It’s far easier to dismiss somebody’s opinion just because they come from the left or right; just because of their race or creed: or, in some cases, just because.

There have been some comments I’ve read hammering these guys for their actions, without understanding the courage it took for them to do what they did or, more importantly, trying to understand exactly what happened and why.

We may be uncomfortable with their actions, we may not be able to relate to their concerns or frustrations, but that does not lessen the importance of what they have to say.

Thirty-four years ago yesterday, we lost a leader of a youth culture that was reeling.

John Lennon spoke out against war, stood up for women’s rights, asked us to challenge our conventional thoughts.

There were times when he was one of the most unpopular men on the planet.

His comments about Christianity, which remain fairly mainstream today, resulted in a firestorm of anger and hatred directed at The Beatles.

Angry mobs gathered to burn Beatles records, the band was banned from a number of radio stations, and suddenly the lovable moptops were persona non grata.

Except, of course, by those who listened closely and engaged in conversation.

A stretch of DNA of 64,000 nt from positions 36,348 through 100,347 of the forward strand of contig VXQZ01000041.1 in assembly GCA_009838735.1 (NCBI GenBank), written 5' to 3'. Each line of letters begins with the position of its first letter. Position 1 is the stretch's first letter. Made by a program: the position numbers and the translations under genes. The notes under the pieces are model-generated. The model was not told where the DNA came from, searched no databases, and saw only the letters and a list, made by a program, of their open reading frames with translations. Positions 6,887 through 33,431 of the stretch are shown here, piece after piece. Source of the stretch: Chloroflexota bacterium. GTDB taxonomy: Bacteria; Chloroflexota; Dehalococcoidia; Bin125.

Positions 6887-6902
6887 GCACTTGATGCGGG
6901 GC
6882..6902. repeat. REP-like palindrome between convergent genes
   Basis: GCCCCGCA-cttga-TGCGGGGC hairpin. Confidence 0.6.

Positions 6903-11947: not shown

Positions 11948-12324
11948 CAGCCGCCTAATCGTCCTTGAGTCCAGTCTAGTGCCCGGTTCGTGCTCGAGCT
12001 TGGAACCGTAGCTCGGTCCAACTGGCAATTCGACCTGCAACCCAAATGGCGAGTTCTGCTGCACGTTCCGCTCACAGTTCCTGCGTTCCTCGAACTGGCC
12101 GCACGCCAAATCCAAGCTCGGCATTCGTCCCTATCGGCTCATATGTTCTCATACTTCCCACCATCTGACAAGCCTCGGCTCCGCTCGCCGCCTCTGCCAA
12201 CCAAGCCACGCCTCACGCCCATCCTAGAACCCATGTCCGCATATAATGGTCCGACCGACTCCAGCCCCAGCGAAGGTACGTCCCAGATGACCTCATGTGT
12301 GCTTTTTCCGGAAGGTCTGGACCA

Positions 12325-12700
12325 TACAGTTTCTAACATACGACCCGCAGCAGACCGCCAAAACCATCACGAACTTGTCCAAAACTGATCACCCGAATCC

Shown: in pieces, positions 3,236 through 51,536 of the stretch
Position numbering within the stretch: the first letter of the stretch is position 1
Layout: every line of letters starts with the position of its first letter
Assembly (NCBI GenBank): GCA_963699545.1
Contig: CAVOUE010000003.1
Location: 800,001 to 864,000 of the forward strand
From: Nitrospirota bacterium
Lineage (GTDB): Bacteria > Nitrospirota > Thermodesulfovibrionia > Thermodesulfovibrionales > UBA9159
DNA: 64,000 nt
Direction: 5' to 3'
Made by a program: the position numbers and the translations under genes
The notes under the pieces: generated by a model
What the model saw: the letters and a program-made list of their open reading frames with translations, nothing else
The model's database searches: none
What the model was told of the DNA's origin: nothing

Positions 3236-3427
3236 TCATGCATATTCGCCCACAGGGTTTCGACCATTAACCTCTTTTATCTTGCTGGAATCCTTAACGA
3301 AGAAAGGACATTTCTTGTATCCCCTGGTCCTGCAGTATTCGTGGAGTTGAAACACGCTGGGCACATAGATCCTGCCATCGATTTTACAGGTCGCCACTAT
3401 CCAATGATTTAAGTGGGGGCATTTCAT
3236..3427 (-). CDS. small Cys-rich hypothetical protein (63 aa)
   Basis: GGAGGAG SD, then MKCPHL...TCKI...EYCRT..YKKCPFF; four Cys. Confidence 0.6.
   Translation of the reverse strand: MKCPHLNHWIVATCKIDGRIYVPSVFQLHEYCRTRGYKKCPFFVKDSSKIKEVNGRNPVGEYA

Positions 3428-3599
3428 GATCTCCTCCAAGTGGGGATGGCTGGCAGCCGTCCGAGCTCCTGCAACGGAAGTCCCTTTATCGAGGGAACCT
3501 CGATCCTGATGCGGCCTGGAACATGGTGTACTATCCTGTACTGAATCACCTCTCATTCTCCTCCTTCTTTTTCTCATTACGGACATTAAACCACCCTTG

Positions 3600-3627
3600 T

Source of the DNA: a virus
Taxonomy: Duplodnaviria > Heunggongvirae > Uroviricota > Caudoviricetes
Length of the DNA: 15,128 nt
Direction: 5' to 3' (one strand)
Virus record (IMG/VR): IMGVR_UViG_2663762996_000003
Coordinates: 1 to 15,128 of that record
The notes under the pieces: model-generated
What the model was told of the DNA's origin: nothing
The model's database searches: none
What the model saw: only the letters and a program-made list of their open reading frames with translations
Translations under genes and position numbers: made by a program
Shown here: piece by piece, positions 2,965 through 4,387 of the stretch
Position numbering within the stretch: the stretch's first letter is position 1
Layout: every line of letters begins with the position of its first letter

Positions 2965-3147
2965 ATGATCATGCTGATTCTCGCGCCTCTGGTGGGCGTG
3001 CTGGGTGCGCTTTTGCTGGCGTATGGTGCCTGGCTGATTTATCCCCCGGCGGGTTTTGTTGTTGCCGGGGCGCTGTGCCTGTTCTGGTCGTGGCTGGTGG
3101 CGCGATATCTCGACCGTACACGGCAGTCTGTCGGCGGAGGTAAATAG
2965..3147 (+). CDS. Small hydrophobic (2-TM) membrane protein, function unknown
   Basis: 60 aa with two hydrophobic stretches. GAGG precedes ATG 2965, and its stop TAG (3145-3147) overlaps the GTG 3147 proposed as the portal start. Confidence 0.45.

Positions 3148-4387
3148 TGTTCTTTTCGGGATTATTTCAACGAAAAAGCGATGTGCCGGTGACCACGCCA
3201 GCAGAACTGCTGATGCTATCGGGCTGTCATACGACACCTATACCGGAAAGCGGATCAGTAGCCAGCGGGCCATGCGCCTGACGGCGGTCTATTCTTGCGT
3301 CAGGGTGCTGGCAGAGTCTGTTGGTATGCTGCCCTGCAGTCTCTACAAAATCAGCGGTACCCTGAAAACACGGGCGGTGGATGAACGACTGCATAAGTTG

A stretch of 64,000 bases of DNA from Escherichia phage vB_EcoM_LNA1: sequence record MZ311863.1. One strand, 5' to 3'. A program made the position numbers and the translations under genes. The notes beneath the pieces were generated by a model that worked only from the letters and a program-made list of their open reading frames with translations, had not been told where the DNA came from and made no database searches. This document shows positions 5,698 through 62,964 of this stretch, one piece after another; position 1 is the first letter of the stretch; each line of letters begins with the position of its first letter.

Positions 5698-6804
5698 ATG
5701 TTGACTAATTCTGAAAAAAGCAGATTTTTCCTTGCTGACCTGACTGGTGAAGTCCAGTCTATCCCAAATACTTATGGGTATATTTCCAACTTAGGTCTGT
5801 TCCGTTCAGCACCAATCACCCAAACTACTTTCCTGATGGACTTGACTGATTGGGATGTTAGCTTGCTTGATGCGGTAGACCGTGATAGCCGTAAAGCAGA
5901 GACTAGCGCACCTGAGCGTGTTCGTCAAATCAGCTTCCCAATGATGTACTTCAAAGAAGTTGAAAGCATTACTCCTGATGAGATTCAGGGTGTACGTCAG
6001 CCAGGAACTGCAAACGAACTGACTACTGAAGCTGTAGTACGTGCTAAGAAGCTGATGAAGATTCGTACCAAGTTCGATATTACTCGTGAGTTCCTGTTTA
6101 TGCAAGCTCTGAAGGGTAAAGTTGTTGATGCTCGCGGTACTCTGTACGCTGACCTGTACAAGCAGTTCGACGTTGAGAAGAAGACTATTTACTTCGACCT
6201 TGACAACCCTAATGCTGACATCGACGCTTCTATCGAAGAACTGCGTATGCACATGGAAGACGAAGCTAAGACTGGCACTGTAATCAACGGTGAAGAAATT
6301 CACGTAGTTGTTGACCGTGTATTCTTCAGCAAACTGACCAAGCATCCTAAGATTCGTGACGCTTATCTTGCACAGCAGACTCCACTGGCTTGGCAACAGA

Lennon was a man of many faults, to be sure. But, he also was a man of many thoughts, some of which were quite noble, particularly when he preached in behalf of peace.

It nearly got him deported.

But, eventually, the anger subsided and we were able to talk about a lot of his idealistic musings in a different light.

Let’s hope the actions of these professional athletes in question don’t sit dormant too long before we decide that we really need to talk about the things that divide us, whether culturally, politically, or otherwise.

We’re broken, folks, and need to put the pieces together.

But, sometimes, we have to take some rather different, and not always popular, paths to find those pieces.

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Ed Kociela is an opinion columnist. The opinions stated in this article are his and not representative of St. George News.